I apologize for going silent the last few weeks and months. Business got in the way of blogging. My purpose for this blog is to join the agility blogging community and speak to the topic of “aging” …..
First – I’m so excited at the maturity I’m seeing in my youngster (Phoenix NAJ) who turns two years old this December. Running him has progressed from nerve-wracking and frustrating to magical in one weekend spent training with friends and Bud Houston. Phoenix’s 2-minute dog training was always steady, but any activity in a group setting met with high stimulation and distraction. I persevered. He grew up!
Second – puppy Katniss (at 10-11-months) has been registered as an All American with AKC and is being prepared for a February-March 2014 debut. I know there’s disagreement amongst agility people as to when we should start competing with our puppies, but I prefer to get them in the ring as soon as possible, let them have a fantastic time, find the holes in my training, and give them some ring experience. In the meantime, I used my new favorite weavepole training equipment, and Katniss learned how to hit entries and weave 6 poles in three 10-minute sessions. She doesn’t understand weaves yet, but she will very soon. I’m working at sending-for-independent-performance as well as running-at-side-with-great-excitement. I want her to be familiar with both situations.
Third – rescue Haymitch (at age 2-3 years) has been getting very little work. He needs another TDAA Intermediate Standard leg to be in Superior Standard and Games 3 for the TDAA Petit Prix and he’ll get it someday. He joined weekly classes last evening and daily training sessions for Haymitch will begin this week. I hope he’ll do well in October. I reserve all his training for Teacup (TDAA) agility, and don’t put him on big a-frames and teeters very often.
Fourth – I’m writing a BOOK on the 2-minute dog trainer protocols. Bud’s going to be my editor. Angie Houston has agreed to be my illustrator. I want this to be a book people read and enjoy re-reading, sharing with their friends, and giving as gifts. I find dog training to be hugely amusing and humorous, and I want to share my strange sense of fun with others.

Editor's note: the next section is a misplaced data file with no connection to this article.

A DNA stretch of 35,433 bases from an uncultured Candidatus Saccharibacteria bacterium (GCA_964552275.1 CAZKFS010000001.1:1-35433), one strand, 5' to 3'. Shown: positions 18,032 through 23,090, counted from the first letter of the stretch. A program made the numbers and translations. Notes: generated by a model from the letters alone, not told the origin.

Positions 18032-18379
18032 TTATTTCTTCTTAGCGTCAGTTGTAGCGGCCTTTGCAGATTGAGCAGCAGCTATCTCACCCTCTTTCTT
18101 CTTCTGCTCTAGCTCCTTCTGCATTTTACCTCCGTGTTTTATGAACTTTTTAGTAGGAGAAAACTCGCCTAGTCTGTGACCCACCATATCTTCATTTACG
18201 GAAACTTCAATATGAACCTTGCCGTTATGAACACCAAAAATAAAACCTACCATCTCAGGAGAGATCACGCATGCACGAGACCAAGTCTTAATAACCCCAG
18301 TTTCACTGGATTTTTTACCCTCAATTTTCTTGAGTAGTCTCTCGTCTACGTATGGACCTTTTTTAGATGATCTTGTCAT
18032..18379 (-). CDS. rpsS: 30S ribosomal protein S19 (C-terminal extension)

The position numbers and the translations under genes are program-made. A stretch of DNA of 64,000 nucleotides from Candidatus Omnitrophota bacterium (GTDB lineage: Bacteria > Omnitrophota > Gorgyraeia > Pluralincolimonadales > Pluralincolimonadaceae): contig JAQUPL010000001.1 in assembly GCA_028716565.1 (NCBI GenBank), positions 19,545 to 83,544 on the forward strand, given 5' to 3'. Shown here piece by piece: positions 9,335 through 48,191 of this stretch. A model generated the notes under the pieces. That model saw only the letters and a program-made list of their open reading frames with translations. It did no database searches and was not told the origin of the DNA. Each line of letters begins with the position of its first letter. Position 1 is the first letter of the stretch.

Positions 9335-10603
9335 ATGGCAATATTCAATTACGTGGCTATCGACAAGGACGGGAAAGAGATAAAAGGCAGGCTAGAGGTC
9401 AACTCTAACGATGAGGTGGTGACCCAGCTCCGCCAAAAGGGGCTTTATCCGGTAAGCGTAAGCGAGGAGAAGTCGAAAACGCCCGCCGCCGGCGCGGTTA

Okay – now for my take on “aging” in the world of dog agility …
I don’t want to automatically sound like an old fart but those darned whipper-snapper kids don’t respect us old farts!
Sure, they can out run us. Sure, they have the time and money for classes, workshops, seminars. Sure, they can wake up at 5am on a Saturday and still be energetic for their last event at 5pm.
But can they drink 2 margaritas and still provide experienced, detailed analysis of a student’s novice jumpers run? Can they? I think NOT!”
I’m just kidding, of course. Codgers kid a lot.
I believe that clever agility enthusiasts should seek knowledge from coaches of all ages. From young coaches with tons of energy, who are developing new protocols for agility dog training, to crusty old coaches who have developed all the training protocols in existence up to this point.
If agility training is a journey I’d suggest youngsters make a point of walking in the footprints of handlers with a few years’ instructing under their belts (or suspenders, knee braces, support stockings). We’ve seen the reactions of hundreds, if not thousands, of dogs to specific handling moves.
After all is said and done it is the reaction of the dog that determines whether the handling skill is a success or failure. Certain types of dogs will often share a common reaction. And a crusty old coach will usually be aware of that.
Here’s to the crusty old coaches in the dog training world!
I’ve trained my dogs once today and will have another “contacts” session with supper, as well as a group beginner class for Katniss, so now I can totter off to my favorite recliner and margarita.